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Housing Waiver Process Frequently Asked Questions

Students often have questions about the waiver process and their circumstances. Below are some of the most frequently asked questions.
Studies on both the national level and MSU specifically have shown that living on campus in a residence hall sets students up for success far better than their off-campus peers. Living on campus not only connects you to the campus and encourages you to learn to live in a community comprised of different individuals, but also sets students up to achieve academically and retain at a significantly higher rate. It is because of this commitment to student success and developing citizens for a global society that living on campus is part of, and required for, the Morehead State experience.
The residency requirement qualifications have been edited to remove credit hours earned from the qualifiers and replace them with number of semesters in residence. Instead of students fulfilling the residency requirement when they were 21 by the first day of classes each semester or had earned 60 credit hours, students now meet the requirements of the policy when they are 21 by the first day of classes each semester or have completed four semesters in residency on campus at Morehead State.
Students are arriving to campus with significant credit hours already earned through multiple different avenues (dual credit, AP classes, part time attendance while in high school). Under prior versions of this policy, students may have qualified for exemption after only one or two semesters. In order to ensure that students have the best opportunity for success on campus and learn the skills and abilities that a residential living environment imparts, the policy was changed.
Students that have begun their full-time post-high school attendance at Morehead State prior to Fall 2021 and who reach the previous qualification of 60 credit hours prior to four semesters in residence are encouraged to submit a waiver request and explain your history and unique circumstances. Though you will not automatically qualify for exemption to the policy and will need to submit a waiver request, in most cases your waiver will be approved if you would have qualified under prior versions of the residency requirements.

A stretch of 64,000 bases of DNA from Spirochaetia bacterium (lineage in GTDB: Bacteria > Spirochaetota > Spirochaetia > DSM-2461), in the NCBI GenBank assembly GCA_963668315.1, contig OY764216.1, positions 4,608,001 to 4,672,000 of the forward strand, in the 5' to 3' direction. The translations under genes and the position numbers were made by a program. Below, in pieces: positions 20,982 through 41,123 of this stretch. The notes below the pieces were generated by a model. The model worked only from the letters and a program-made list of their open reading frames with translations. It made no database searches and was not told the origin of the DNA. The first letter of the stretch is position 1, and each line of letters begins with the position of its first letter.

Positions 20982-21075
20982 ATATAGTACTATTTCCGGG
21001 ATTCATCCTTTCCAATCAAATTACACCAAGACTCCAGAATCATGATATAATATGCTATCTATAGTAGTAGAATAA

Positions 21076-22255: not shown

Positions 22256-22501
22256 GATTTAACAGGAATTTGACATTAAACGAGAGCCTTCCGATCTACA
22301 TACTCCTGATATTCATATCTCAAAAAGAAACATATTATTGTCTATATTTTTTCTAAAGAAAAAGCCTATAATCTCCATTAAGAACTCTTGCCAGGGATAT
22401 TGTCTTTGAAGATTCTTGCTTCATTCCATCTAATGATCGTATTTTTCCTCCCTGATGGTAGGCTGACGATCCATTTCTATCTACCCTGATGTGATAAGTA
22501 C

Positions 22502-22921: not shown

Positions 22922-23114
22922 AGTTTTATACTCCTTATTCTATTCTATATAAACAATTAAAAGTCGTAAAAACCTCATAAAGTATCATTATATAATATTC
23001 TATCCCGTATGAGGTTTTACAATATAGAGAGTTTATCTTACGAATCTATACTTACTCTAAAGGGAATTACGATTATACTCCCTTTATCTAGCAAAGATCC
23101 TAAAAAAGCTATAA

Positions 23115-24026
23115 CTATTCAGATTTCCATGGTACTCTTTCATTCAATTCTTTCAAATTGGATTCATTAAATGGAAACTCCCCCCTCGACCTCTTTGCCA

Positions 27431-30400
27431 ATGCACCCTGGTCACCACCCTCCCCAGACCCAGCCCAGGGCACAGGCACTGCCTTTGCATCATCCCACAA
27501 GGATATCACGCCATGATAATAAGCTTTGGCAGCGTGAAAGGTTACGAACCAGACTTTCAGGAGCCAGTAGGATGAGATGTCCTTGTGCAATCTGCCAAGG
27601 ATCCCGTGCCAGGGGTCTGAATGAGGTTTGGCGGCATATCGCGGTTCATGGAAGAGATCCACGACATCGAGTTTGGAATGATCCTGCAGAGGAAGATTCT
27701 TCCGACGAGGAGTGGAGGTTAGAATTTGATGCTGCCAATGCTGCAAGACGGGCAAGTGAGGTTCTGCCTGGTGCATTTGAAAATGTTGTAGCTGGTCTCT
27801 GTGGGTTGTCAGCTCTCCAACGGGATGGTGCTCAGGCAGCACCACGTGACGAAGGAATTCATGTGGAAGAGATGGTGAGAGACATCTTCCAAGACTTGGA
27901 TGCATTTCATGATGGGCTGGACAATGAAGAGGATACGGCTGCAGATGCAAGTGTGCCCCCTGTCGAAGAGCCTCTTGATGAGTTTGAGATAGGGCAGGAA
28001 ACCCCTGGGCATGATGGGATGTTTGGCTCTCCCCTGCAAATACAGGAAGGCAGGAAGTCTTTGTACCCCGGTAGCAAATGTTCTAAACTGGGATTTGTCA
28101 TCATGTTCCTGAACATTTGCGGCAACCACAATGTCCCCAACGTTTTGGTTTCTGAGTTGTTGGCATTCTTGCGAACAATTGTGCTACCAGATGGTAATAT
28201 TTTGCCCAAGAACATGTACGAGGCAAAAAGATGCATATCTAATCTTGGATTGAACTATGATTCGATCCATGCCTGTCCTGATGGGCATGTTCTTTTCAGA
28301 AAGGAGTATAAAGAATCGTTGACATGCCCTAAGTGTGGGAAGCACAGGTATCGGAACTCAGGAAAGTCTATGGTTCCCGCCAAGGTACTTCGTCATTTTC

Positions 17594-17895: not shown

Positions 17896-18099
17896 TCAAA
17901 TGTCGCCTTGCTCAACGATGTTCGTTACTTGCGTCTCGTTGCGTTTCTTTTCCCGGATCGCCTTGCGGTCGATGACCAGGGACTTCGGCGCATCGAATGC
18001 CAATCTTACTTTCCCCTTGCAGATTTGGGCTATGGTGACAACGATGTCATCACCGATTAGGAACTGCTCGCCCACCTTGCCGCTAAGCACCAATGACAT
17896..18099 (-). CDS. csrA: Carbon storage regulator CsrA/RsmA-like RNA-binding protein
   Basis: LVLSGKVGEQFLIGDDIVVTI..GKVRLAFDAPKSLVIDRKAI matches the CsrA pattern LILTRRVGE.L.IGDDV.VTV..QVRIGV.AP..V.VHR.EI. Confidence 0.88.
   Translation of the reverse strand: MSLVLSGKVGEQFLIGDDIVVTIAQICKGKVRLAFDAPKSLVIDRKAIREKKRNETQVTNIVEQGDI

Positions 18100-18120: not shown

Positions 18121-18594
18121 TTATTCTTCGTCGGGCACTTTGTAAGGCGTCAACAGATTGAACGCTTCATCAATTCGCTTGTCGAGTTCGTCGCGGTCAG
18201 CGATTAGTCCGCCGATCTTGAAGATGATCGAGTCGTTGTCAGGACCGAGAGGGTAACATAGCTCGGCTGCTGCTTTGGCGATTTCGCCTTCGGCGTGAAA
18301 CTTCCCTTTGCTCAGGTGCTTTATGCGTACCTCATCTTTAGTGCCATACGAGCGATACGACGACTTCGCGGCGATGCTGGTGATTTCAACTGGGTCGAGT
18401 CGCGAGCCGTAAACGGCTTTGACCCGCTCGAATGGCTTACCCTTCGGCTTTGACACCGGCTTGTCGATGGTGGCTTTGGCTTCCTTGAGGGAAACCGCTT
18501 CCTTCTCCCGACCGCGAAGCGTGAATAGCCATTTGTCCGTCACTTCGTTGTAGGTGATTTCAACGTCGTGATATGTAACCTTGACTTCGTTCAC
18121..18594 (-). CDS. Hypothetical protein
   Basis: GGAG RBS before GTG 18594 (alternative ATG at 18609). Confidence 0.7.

The MSU Residency Policy is required and applied to all students who are taking in-person courses full-time on the main campus. The Office of Student Housing is aware, however, of the unique needs and living requirements of international students. Waiver requests for international students will be given additional consideration and review with the students’ success as our top priority.
Unfortunately, no. Because of the unique nature of residential dual-credit experiences and the critical differences in living arrangements and expectations, students with this background are still required to complete four semesters of residency in one of our college-level residence halls or apartment communities.
Students that turn 21 and check out of campus housing while the semester is in process will not be charged a mandatory housing and mandatory dining fee. However, please be aware that there will be additional financial penalties such as contract buy out fees or contract break fees. Charged fees for the semester will receive a prorated refund based on the published university refund schedule for the semester in question. Before checking out of university housing, students are strongly advised to consult with the Office of Student Housing to fully understand how departure will impact their student account.
Unfortunately, not. For a waiver request to be considered, residency must be established and documentation submitted to verify. This comes in the form of utility bills that show a track record over six months of residency and legal occupancy as well as legal documents that show the permanent residency status of the parent or legal guardian. If a new home has been purchased, additional documentation outlining the sale agreement and a sale documentation of prior address may be sought.
Unfortunately, not. The minute you become a tenant and are no longer a guest/visitor, then you are not in compliance with the residency policy. Some circumstances that qualify a tenant relationship:
  • There is a monetary commitment to use the residence. The monetary commitment is not just the payment of rent. The commitment may also include a formal or informal agreement to share any household expenses, like utilities. The absence of a rental agreement doesn’t matter.
  • You have access to the residence. There is a standing expectation that you can enter or use the property and/or you have a key to the residence. The number of nights that you actually use the residence is irrelevant.
  • You have space in the residence designated or presumed to be your space. There is a reasonable belief that there is a room or bed in the residence that is for your use regardless of how many nights you choose to use it.
  • There is no sponsor or host to invite you to the residence. To be a house guest/visitor, there is an expectation that the homeowner or lessee is the primary resident, and by invitation, invites you to stay on a non-recurring, time-limited, and temporary basis.
Students that attempt this are often caught and will face significant and sizable student conduct fines and fees, up to and including the back billing of mandatory housing and dining fees that were unbilled because of fraudulent submission.